533 NW 29th Ave: Home was purchased for $108,000 with no Koppers disclosure. Bank resold property for $35,000 with no Koppers disclosure. Original owners abandoned property due to health and safety concerns and Koppers contamination of their home. New homeowner planning to move for health and safety.

519 NW 29th Ave: Home was purchased with no Koppers disclosure. Bank resold property recently for $35,000 with no Koppers disclosure. Original owners abandoned property for their health and safety because of the Koppers contamination of their home. Present tenant at this property had no Koppers disclosure and will be moving for their health and safety.

501 NW 29th Ave: Home has been empty for two years. The longtime tenants left for their health and safety after the entire family- three generations- was afflicted with multiple illnesses including chloracne, chronic nose bleeds and headaches, asthma onset, recurrent extremely painful boils and abscesses, and multiple cancers. Recently the youngest member of the family, a 15 year-old boy, was told he has leukemia. Family had no disclosure of the Koppers Superfund contamination problem in the neighborhood.

3403 NW 3rd Ave: Home was purchased for $91,000 with no Koppers disclosure. After the family left for their health and safety, the bank foreclosed and resold property to an investor for $41,500.

529 NW 30th Ave: Home was purchased for $85,000. The owner left for health and safety, the bank foreclosed, and the property sits empty.

537 NW 30th Ave: Home was purchased for $85,000. The owner left for health and safety, the bank foreclosed and this property also sits empty.

425 NW 37th Ave: Home’s original loan was $137,000. Property owner received no Koppers disclosure. Foreclosed owner had the house independently tested and the toxic chemical contamination filed in court records. After receiving test results, the homeowner disclosed the contamination to her tenants. Tenants decided to move for their health and safety and owner did not rent this property again. Bank foreclosed and listed property for $68,000. The property never sold and still sits empty two years later. Filed indoor and outdoor test results reveal that this property is highly toxic. The property owner also received registered test results from the State of Florida stating that this property is contaminated.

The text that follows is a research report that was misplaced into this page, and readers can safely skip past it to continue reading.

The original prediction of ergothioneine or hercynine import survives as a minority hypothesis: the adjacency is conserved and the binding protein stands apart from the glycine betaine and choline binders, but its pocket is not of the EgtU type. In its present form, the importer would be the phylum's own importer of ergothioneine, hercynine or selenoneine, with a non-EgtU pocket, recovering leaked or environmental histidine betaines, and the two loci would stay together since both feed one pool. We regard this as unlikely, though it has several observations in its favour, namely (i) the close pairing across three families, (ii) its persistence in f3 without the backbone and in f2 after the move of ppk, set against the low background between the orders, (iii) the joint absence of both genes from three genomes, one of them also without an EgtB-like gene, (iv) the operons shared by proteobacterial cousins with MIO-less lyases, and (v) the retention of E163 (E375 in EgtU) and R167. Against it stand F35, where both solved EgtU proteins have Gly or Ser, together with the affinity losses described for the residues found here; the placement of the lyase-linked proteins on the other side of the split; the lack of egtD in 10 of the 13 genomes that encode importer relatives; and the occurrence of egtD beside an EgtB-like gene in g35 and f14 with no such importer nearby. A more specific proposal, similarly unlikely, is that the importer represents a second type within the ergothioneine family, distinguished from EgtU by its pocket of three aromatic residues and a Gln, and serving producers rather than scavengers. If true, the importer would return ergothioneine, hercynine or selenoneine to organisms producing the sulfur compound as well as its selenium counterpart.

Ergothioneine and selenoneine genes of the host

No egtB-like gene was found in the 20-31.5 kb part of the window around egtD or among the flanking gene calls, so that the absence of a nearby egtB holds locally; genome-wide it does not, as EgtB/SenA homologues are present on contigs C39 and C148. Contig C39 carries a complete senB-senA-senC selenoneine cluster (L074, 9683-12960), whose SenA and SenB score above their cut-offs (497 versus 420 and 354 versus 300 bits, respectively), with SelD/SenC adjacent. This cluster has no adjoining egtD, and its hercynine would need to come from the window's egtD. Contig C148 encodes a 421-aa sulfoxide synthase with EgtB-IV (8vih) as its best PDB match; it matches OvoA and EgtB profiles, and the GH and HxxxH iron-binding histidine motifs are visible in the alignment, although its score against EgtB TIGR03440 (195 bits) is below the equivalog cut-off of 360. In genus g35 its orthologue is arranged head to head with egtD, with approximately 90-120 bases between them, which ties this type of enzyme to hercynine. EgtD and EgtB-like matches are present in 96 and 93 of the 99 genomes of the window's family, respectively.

HUD Helps Banks Unload Koppers Toxic Homes

23 Aug

The United States Department of Housing and Urban Development (HUD) is selling Dioxin-Arsenic-PAH contaminated houses in Gainesville Superfund neighborhoods- and failing to disclose the dangerous contamination to unsuspecting low income families buying these toxic homes.
As established residents abandon the homes that have made their families sick, banks foreclose on the Koppers health hazard homes. Homeowners contact their lenders who have knowingly sold them non-disclosed contaminated homes, seeking cooperation with exit strategies for their families’ safety. The banks immediately respond with foreclosure.
Since federal regulations prohibit banks from dealing in contaminated properties, they need a back door to discard these Superfund homes. These banks, including Wells Fargo, BOA and JP Morgan, having already profited from financing and foreclosing on the toxic housing, wash their hands of this PR nightmare by “transferring” the deadly domiciles to HUD for disposal. In response to residents’ questions about the sale of hazardous homes, HUD states that they routinely sell contaminated houses with impunity because they are not required to disclose. Taxpayer-funded HUD oversees Fannie Mae and Freddie Mac. Selling toxic homes to low income families contradicts HUD’s published directives to protect consumers and improve their quality of life.
Unprincipled local realtors knowingly sell Gainesville Superfund homes on HUD’s behalf. The City of Gainesville and Alachua County Commissions have warned realtors including Bosshardt, Watson Realty and MM Parrish/Coldwell Banker against selling Koppers contaminated properties without providing the legally (and morally) required disclosure to potential homebuyers and renters. But upset new homeowners and renters are still reporting that Koppers contamination was not disclosed to them. Several of these families are already moving out of the area.
Many Gainesville Koppers contaminated homes sold by HUD were previously independently tested. These test results were submitted as evidence in foreclosure court records, and are public documents. Test results for some contaminated homes, including the addresses below, can be found on the Clerk of Court Public Record. Some of these contaminated foreclosed homes have already been sold without disclosure.
514 NW 31st Lane
3507 NW 4th Street
501 NW 28th Avenue
514 NW 33rd Avenue
425 NW 37th Avenue